The long-awaited Court Case involving the Gutshot Private Members' Club has finally begun at Snaresbrook Crown Court in East London. Chairman of the Gutshot Club, Derek Kelly, stands accused of illegally holding poker games in contravention of the Gaming Act 1968.
The case revolves chiefly around the question of whether poker is a game of pure skill, or a game involving an element of chance, although in practice the arguments are likely to be complex. The decision is ultimately to be made by a jury who in all likelihood may not have a member who has played the game. Specifically, during the course of the case, they will hear evidence and guidance about the Texas Hold'em variation of poker. They will, as was pointed out to them by the prosecution in its opening address, receive "…as it were, a free short tuition in what poker is all about, what poker involves, how it works and so on and so forth…"
The case concerns two separate games of poker held at the Gutshot club in December 2004 and January 2005 during which undercover visits were paid by police officers who had been trained to play poker for this operation. One of these visits saw the club charging a levy on a prize pot of £2,165 of which the club retained £270; the other saw the players charged £22 each to enter a tournament and the club retained £2 per head, with the £20 contributing to the prize pot.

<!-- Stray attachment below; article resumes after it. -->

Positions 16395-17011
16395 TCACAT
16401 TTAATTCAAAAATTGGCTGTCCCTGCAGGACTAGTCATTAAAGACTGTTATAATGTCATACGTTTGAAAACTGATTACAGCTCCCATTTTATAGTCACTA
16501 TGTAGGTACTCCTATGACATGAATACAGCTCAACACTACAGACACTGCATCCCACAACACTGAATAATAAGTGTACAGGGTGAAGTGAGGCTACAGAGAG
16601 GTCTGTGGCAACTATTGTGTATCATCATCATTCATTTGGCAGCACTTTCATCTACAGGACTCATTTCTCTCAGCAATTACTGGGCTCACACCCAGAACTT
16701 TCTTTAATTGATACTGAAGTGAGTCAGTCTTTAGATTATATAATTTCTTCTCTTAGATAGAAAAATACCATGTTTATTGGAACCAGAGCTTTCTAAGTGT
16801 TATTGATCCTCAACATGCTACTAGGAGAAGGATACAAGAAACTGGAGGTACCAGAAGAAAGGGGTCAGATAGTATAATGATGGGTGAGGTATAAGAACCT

Such charges are illegal under the Gaming Act if the game played involves an element of chance and is not purely a game of skill, and it is hosted at an unlicensed club, such as the Gutshot. The jury's task is to decide if Texas Hold'em poker is purely a game of skill as is argued by the defence.
The prosecution argues that because playing cards are shuffled before the dealing of a hand, poker is a game with a significant element of chance introduced, and therefore would require a licence under the Gaming Act. Meanwhile, the defence has stated that there is not even a reference to poker in the Act.
The case will involve plenty of legal analysis and go into great detail about a proper interpretation of the statute over the course of the case, but the ramifications for UK poker clubs up and down the land could be major. Of course, the Gaming Act 1968 will be superseded by the Gambling Act 2005 (which is not yet in force despite its date) this year. Whether the outcome of the case has a bearing on the final shape of the new Act remains to be seen.
The case is expected to conclude on 16th January.
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